Monday, March 07, 2016

Good Germs, Bad Germs: Health and Survival in a Baterial World - Jessica Snyder Sachs

This book surprised me, I thought it would be quite an easy book to read, heavy on the narrative with a sprinkling of depth of detail, quite the opposite but we will get to that...

J.S. Sachs has written a informative, wide perspective account of the ins and outs of the world of bacteria, antibiotics, microbes, microflora and viruses.

J.S.S starts with some narrative about patients and their struggles which are meaningful and showcase the type of information this book will share with the reader. From there we go straight back to the start of the science behind germs (germ theory) and how lack of hygiene was affecting healthcare and general life a century or more ago. (Hygiene hypothesis).

The next portion of the book gives insight into some of the nastier bacteria/microbes that we deal with day to day (you may need to brush up on your Latin). The main culprits are Staphylococcus Aureus, Clostridium Difficile and Enterococcus Faecalis.

Now I just have to put this in, I was hoping to be able to obtain a descent understanding of germs/bacteria and microbes from this book, that's why I picked it up, but I found it was just outside of my intellectual boundary. I understood the concept for the most part but J.S.S is a craftswoman when it comes to her approach to informing us all of the bacterial world, so she leaves the narrative behind for a more in depth and informative style. So basically what I am saying is if you don't have much of an understanding of biology then brush up before you pick this up.

The next chunk of text is concerning Antibiotics and the endless to-and-fro that scientists face, as it turns out we can build up a resistance to most Antibiotics by regular use or even worse than that but you'll have to read the book to find out.

The last hunk of the book reflects on the progress made to help people outside of antibiotics where the science is rough and it's very 2 steps for 1 step back, there are many accounts of scientists making breakthroughs just to have them backfire. There are some great information about the predictions for future technology that will make life so much more straight for mankind, including a star trek style instrument that identifies the exact antibiotic a patient needs in record time.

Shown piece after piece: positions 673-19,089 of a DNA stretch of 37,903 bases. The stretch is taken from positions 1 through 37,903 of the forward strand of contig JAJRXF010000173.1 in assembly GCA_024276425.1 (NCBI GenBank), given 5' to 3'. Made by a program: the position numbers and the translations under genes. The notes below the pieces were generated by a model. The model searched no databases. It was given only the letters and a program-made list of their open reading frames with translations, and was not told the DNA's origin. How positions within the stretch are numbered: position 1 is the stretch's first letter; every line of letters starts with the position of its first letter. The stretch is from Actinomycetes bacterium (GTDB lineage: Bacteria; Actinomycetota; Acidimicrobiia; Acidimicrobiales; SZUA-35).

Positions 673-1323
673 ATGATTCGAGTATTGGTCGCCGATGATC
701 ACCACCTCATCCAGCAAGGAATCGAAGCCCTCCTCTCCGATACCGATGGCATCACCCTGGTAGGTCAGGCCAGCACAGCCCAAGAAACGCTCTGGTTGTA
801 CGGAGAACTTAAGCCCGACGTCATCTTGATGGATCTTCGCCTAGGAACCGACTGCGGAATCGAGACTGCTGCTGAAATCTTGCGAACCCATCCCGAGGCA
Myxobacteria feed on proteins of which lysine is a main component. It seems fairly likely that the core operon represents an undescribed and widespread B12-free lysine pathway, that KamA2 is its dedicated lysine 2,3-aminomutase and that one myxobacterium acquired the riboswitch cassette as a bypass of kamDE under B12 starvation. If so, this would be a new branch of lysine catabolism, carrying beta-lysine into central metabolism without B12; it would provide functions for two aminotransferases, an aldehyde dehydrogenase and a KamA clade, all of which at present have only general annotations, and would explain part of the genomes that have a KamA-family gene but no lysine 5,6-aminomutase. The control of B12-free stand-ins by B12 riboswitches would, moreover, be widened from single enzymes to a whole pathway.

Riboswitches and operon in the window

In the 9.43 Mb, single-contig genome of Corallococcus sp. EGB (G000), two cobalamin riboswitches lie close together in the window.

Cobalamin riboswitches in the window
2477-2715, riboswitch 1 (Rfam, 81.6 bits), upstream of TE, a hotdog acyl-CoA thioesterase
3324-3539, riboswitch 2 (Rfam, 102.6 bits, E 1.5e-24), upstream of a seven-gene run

A quick shout out to Dr. Kevin Tracey and his decision to change lives by going down a different career path to honour an 11 month old patient of his.

There are several main themes in the book,  one is breaking the belief that over hygiene is better for children of the future. Another is the endless battle with infections and the creation of new treatments(antibiotics, other enzymes and experimental/futuristic ideas) and the panic that we may not always be ahead of the game so to speak, but there is hope on the horizon with scientists plugging away with out of the box ideas that people just need to have a bit more faith in.

Personally I didn't appreciate the content as much as I could have if I had a better understanding of biology but that said this book taught me to prepare better. The parts I could appreciate I really did, and there are some great anecdotes hidden in there as a bit of comedic relief because of the heavy point J.S.S was trying to get across.

6/10

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